Ford Signed Series of Lithium Deals As Part of $50 Billion EV Plan
- May 23, 2023
- Posted by: Quatro Strategies
- Category: Manufacturing
U.S. automaker Ford has signed several deals to secure supply of lithium from projects in Canada to Chile, including agreements with Albemarle, Chile’s SQM and Canada’s Nemaska Lithium. The effort to supply lithium comes as the company has announced a $50 billion plan for electric vehicles (EVs). Ford has also taken into account the U.S. Inflation Reduction Act (IRA), which includes incentives for battery manufacturing and sourcing of minerals from the U.S. and free trade partners. The availability and cost of battery materials, including nickel, cobalt and lithium, have been key concerns for years among EV makers trying to build out their electric lineups. The issue has gained more urgency in recent months due to rising competition to strike supply pacts with miners and project developers and by wild swings in raw material costs.
“The mining part is not the constraint. It’s really the processing,” Ford CEO Farley said Monday. “So turning those raw materials, especially lithium and nickel, into processed materials we can put into a slurry to make the cells themselves.”
Companies including Ford and General Motors have included prepayments or loans in recent pacts to help accelerate the development of new projects.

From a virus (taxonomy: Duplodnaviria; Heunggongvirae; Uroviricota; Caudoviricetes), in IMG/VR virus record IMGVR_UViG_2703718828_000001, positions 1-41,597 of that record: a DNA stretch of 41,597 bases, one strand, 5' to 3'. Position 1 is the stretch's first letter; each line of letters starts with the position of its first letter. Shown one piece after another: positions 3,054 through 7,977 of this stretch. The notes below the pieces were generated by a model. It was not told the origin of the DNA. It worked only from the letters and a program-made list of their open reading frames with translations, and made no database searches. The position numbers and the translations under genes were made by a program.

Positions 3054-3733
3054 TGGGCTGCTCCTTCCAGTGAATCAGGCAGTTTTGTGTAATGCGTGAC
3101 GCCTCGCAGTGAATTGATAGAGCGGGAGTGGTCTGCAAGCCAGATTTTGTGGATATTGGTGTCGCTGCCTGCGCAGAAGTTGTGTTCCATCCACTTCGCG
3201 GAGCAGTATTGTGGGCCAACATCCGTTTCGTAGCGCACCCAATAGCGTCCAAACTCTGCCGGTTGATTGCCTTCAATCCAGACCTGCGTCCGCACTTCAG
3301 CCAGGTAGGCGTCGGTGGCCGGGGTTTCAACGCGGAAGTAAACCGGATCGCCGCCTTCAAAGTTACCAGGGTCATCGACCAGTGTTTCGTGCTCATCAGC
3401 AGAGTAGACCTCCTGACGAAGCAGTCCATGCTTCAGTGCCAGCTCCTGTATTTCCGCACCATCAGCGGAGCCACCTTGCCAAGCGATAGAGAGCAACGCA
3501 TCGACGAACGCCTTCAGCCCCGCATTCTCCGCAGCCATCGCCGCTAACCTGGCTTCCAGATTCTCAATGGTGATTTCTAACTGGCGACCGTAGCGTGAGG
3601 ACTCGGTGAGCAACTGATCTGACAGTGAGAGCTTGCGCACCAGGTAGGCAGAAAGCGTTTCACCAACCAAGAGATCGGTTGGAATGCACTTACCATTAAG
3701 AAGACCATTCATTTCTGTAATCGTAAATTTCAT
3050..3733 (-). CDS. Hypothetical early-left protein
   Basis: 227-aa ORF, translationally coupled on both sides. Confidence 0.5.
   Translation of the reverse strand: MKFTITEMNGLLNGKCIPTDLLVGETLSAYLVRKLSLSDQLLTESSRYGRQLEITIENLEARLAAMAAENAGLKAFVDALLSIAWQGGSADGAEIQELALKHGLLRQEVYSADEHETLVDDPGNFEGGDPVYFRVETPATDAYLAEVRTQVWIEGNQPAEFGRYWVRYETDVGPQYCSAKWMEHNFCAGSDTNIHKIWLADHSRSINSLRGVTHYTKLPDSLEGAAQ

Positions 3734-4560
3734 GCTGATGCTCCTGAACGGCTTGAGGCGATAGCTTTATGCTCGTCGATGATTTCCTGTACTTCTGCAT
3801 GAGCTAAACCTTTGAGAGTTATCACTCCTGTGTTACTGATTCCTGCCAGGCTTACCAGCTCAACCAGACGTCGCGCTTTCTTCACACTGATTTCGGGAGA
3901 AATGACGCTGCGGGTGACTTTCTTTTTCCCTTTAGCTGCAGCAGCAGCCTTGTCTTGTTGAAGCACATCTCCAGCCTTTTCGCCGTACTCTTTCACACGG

Ford is trying to convince investors on the advantages of its strategy to ramp up EV output to 2 milllion units by the end of 2026. The company has already locked up the lithium and cobalt supplies it requires for that expansion, Farley said.
Albemarle said Monday it will supply more than 100,000 tons of battery-grade lithium hydroxide to Ford, enough to make for about 3 million EV batteries. The deal will start in 2026 and run to 2030.
Ford also agreed a supply deal with Energysource Minerals.
The company agreed in March to take a direct stake in a battery-nickel plant under construction in Indonesia, and last year sealed a pact with Liontown Resources, the developer of an Australian lithium mine.
The processing constraints are also political, Farley said, since 80% of the processing is now done in China.
“Onshoring the processing is going to be the most important controller of cost and also politics,” Farley underlined. “Eighty percent of the processing for nickel and lithium are being done in China and we need to localize that.”
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